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Palma calls on stakeholders to help protect the environment

By: Ador Vincent S. Mayol March 25,2017 - 10:36 PM
Cebu Archbishop Jose Palma reiterates his opposition to the proposed coal-fired power plant project in Barangay Sawang Calero to militant and environmental groups in Saturday’s forum. (CDN PHOTO/CHRISTIAN MANINGO)

Cebu Archbishop Jose Palma reiterates his opposition to the proposed coal-fired power plant project in Barangay Sawang Calero to militant and environmental groups in Saturday’s forum. (CDN PHOTO/CHRISTIAN MANINGO)

AS Metro Cebu residents switched off their lights to join the global observance of Earth Hour yesterday, Cebu Archbishop Jose Palma called on the public to do their share to protect and preserve the environment.

Speaking to cause-oriented groups, the 67-year-old prelate joined the opposition to plans by the Ludo Power Corp. (LPC) to build a coal-fired power plant in Sawang-Calero, Cebu City.

He said he’s concerned about the possible adverse effects of the proposed 300-megawatt coal-fired power plant which environmentalists warned would pose health risks to residents.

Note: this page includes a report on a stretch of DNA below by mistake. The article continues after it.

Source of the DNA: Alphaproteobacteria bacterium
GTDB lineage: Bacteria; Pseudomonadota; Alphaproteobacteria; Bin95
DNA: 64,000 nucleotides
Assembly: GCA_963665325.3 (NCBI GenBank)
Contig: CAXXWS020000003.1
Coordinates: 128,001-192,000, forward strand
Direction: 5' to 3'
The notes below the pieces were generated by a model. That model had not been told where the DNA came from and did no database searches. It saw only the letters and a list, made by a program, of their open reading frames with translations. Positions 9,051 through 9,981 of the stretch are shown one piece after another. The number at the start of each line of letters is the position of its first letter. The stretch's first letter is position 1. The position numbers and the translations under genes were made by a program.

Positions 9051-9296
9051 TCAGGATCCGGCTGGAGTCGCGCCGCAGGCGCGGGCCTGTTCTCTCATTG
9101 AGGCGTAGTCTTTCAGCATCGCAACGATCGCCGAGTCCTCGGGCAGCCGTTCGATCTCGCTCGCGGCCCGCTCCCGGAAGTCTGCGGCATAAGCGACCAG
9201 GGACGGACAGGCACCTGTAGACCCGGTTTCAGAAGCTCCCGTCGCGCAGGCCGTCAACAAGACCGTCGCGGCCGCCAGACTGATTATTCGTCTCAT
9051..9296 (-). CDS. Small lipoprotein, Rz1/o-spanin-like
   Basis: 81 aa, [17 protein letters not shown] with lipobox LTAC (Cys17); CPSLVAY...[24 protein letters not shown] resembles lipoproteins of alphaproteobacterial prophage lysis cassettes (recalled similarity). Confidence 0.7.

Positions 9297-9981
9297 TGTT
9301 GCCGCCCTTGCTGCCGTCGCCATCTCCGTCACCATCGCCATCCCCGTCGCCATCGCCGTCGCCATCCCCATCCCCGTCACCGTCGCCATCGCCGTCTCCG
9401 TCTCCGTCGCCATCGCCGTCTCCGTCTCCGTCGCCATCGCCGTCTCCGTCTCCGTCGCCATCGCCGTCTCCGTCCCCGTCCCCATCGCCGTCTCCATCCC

“Coal is not the solution. It destroys the environment and affects the health of humanity. We are convinced as a community that such project will surely destroy our environment, coal being a primary contributor to global warming,” said Palma in a forum at the University of San Jose-Recoletos.

Palma said Cebu City stakeholders should not “sacrifice the health of the people and the impact to the environment with the business profit of the company who are pushing for the approval of the said coal-fired power plant.”

Instead, Palma said government and business leaders in Cebu should consider the possibility of crafting renewable energy plants for the province.

As the province moves forward with its own development agenda, he said it should always consider a “pro-people and a pro-environment ‘energy plan.’”

Saying creation is God’s gift to humanity, Palma said people should take good care of it.

“As we thank God for the gift of creation, may we also learn how to protect it not just for ourselves but for our children and the next generation,” he said.

Caring for God’s creation starts in little ways such as growing a garden and recycling.

“To protect our planet, we need to sustain our faith—our ecological faith, in the lights and shadows of our climate action, may our struggles and our concern for this planet never take away the joy of our hope,” Palma said.

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